Sport on TV: World Cup disappears down Murdoch's plughole

IT'S BEEN a bad week. Being a sour bunch, critics are always happiest when indulging in a good kicking, and the return on Monday of On Side, a favourite bete noire, had me giddy with anticipation. I was, however, cruelly cheated.

Previous incarnations of BBC1's sports magazine have tended to resemble a motorway pile-up, metaphorically speaking, with the guests - often legends in their own screen-time - shoe-horned in among the ghastly studio set- ups and low-grade filmed reports. At last, though, the producers have realised that quality, not quantity, is the key.

Viewers can just about manage without fatuous trimmings and tacky longueurs if what they are served up is intelligent and thought-provoking, and the makers have finally got things right. It's all leaner and fitter: four guests, in and out, no messing, a crisp 40 minutes.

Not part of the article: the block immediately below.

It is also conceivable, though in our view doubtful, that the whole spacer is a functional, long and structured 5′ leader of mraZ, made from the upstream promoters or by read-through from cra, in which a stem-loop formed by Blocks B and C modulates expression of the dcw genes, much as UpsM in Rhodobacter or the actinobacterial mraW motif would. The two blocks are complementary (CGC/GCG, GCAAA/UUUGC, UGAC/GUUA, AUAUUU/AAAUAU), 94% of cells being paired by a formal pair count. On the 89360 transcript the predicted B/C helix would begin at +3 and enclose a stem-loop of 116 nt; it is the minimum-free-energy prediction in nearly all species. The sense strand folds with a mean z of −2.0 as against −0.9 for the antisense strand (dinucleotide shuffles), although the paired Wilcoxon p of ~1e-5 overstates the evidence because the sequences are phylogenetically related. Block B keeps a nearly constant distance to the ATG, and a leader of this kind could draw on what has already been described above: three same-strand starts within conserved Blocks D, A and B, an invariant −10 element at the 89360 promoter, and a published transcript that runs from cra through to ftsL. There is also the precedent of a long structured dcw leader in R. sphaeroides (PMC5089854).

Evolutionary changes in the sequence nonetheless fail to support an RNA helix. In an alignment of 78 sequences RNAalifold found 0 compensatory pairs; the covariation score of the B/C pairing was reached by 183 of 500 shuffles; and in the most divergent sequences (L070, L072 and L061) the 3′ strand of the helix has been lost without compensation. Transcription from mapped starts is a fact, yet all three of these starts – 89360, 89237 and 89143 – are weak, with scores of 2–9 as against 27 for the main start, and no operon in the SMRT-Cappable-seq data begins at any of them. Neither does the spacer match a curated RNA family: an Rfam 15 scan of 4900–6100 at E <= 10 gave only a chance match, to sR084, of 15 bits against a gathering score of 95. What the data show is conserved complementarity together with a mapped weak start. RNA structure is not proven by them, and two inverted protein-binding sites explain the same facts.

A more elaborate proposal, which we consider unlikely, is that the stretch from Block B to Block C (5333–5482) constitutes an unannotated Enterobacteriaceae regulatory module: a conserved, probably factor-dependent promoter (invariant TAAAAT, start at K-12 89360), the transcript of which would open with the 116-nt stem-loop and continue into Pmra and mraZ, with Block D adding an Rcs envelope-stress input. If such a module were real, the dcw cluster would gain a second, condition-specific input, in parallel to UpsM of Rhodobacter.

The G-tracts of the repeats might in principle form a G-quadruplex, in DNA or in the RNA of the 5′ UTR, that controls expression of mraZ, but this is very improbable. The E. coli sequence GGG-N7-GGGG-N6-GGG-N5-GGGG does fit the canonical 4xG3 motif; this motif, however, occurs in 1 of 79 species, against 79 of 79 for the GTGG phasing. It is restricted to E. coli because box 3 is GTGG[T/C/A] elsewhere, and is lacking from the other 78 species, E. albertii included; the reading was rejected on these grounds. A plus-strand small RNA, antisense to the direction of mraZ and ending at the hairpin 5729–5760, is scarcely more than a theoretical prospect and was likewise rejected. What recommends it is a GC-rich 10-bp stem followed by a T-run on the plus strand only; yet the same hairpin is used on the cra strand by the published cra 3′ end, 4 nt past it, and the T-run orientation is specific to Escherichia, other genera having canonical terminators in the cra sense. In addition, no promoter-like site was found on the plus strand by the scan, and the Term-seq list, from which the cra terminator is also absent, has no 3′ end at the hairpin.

First up were Viv Richards and Angus Fraser, followed by Peter Dumbreck, the man who front-flipped so spectacularly in the Le Mans 24 Hour Race last weekend ("I just braced myself," he said), and the smouldering Goran Ivanisevic.

Richards came on first - a blue chip way to kick off the series, although it has to be said that his responses were, without exception, diplomatically bland and noncommital. A career in politics or sports administration beckons, app- arently, and he was too keen not to offend to say anything incisive - or even mildly interesting. For all John Inverdale's best efforts Richards was about as outspoken as Alan Shearer - although perhaps with good reason: "When you step on people's toes," Richards said of Caribbean politics, "that's serious business. You have to wear body armour".